Featured Image Source: ESA Astronaut Thomas Pesquet via Twitter.
SpaceX became the first American private company to successfully launch and return NASA Astronauts to the International Space Station (ISS) this year, under the agency’s Commercial Crew Program. In May, a Falcon 9 rocket launched NASA astronauts Robert Behnken and Douglas Hurley aboard the Crew Dragon spacecraft during a demonstration mission called Demo-2; meant to certify the capsule is safe to carry out crewed voyages. After two months at the orbiting laboratory, the brave duo returned on August 2 aboard the craft -splashing down in the Atlantic Ocean. It was SpaceX’s first crewed mission that finally returned human spaceflight capabilities to the United States after NASA relied on Russian spacecraft to deploy astronauts for almost a decade.
SpaceX is now preparing to launch four astronauts on its second crewed flight. It will be the first operational mission, referred to as Crew-1, scheduled to liftoff from Launch Complex 39A at NASA’s Kennedy Space Center in Florida on October 23rd. The four astronauts that will ride Crew Dragon during next month’s Crew-1 mission are three NASA astronauts and one Japan Aerospace Exploration Agency (JAXA) astronaut. With NASA are: Crew Dragon commander Michael Hopkins, joint-commander Pilot Victor Glover, and mission specialist Shannon Walker, along with JAXA mission specialist Soichi Noguchi. Crew-1 astronauts will stay at the orbiting laboratory for around 6 months conducting scientific experiments in microgravity.
When they return, SpaceX will launch its third crewed flight, Crew-2, to the Space Station; scheduled to launch in Spring 2021. The members of the SpaceX Crew-2 mission are: NASA astronauts Megan McArthur and Shane Kimbrough, JAXA (Japan Aerospace Exploration Agency) astronaut Akihiko Hoshide, and ESA (European Space Agency) astronaut Thomas Pesquet.
NASA Astronaut Megan McArthur is Robert Behnken’s wife. When Behnken returned aboard Dragon in August he told reporters – “My wife is assigned to a SpaceX mission and we have a young son, so, I’ll definitely be focused on making sure that her mission is as successful as possible; And supporting her just as she did for me.” [video below]
So this guy is pretty great, right? https://t.co/VIeRstndAf— Megan McArthur (@Astro_Megan) August 4, 2020
ESA Astronaut Pesquet revealed Crew-2 has been actively training for “Mission Alpha” aboard Crew Dragon. He shared photographs via Twitter of him training on SpaceX’s Crew Dragon simulator which involves learning how to control the spacecraft’s functions via a trio of touchscreen displays. – “Here's the posse together, training on @SpaceX crew dragon. @Aki_Hoshide looking like a boss, and all of us wishing we had as cool socks as our awesome pilot @Astro_Megan. #MissionAlpha,” he wrote. During training, all astronauts are wearing face masks to protect each other from the coronavirus respiratory illness, pictured below.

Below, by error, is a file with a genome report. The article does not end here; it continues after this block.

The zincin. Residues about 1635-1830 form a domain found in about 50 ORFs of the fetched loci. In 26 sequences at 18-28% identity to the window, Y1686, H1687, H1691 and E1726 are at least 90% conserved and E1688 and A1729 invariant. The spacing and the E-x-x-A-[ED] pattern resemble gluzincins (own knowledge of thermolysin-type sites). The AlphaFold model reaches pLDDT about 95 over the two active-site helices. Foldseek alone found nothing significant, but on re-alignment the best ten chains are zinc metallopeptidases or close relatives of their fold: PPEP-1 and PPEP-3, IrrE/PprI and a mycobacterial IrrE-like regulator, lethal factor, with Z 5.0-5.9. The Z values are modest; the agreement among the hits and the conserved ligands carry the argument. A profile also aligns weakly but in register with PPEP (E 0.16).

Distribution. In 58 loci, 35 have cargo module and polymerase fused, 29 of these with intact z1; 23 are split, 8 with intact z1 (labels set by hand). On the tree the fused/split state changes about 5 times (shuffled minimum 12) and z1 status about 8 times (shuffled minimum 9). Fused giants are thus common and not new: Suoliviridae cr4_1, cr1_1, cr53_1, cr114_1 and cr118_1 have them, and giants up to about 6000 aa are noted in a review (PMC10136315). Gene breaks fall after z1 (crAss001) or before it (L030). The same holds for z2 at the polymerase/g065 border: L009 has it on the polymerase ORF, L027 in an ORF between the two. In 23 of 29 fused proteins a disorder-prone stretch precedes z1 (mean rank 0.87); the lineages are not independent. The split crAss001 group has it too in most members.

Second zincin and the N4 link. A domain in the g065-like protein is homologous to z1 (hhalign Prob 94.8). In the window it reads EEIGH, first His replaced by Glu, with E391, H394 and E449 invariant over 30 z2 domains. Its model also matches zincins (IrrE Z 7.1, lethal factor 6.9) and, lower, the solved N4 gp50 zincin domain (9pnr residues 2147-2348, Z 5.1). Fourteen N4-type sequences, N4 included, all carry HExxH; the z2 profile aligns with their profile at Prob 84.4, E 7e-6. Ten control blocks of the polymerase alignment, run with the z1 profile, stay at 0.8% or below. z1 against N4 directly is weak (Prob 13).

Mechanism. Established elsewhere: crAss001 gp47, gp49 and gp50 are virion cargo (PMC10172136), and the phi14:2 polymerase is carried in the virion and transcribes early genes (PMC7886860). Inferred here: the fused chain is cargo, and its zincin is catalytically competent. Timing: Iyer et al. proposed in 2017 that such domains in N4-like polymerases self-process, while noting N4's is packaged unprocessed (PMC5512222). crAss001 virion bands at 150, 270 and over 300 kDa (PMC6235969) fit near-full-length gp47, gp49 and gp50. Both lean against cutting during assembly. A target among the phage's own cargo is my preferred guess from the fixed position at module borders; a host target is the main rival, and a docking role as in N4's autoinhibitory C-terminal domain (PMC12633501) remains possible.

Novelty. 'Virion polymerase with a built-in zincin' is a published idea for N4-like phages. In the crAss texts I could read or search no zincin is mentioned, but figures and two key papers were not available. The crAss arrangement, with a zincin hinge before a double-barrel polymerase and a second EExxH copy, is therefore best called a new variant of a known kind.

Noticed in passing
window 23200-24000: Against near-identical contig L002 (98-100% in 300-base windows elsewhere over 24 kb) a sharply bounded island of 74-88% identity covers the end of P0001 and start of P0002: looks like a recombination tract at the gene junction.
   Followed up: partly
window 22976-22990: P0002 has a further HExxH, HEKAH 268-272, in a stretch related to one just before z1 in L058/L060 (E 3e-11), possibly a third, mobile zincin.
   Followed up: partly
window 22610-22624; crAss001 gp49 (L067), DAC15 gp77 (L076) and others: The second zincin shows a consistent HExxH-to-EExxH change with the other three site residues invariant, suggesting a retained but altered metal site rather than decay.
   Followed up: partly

Here's the posse together, training on @SpaceX crew dragon. @Aki_Hoshide looking like a boss, and all of us wishing we had as cool socks as our awesome pilot @Astro_Megan. #MissionAlpha pic.twitter.com/UCDJvTcRgp— Thomas Pesquet (@Thom_astro) September 23, 2020
To familiarize with the spacecraft, the astronauts train with an interactive simulator and touchscreen interface that is a replica of Dragon’s cockpit. Earlier this year, SpaceX released an online game that allows players to try to dock the Crew Dragon spacecraft to the Space Station, using similar controls the astronauts will use during their voyage in space. You can play the online game on SpaceX's website: Crew Dragon Simulator
Pesquet also shared four photographs (shown below) featuring different cockpits – “Who doesn't like cockpits? 45 years of cockpit evolution in these pictures, I am lucky to have been at the controls of the Soyuz spacecraft, the Airbus A310, the A350, and now the SpaceX Crew Dragon (during training, so far). #Avgeeks,” he wrote.
Who doesn't like cockpits? 45 years of cockpit evolution in these pictures, I am lucky to have been at the controls of the #Soyuz spacecraft, the @Airbus A310, the A350, and now the @SpaceX Crew Dragon (during training, so far). #Avgeeks pic.twitter.com/9k7zjobQcJ— Thomas Pesquet (@Thom_astro) September 17, 2020
“Now things are getting real and I could use your help. When going to space astronauts are allowed a very limited amount of personal affairs – think less than half an overhead cabin bag. What would you want to see floating in space? #MissionAlpha,” Pesquet asked his Twitter followers, to prepare for his flight aboard Crew Dragon next year.
Now things are getting real and I could use your help. When going to space astronauts are allowed a very limited amount of personal affairs – think less than half an overhead cabin bag ✈️🧳. What would you want to see floating in space? #MissionAlpha pic.twitter.com/9NhJe51JUD— Thomas Pesquet (@Thom_astro) September 19, 2020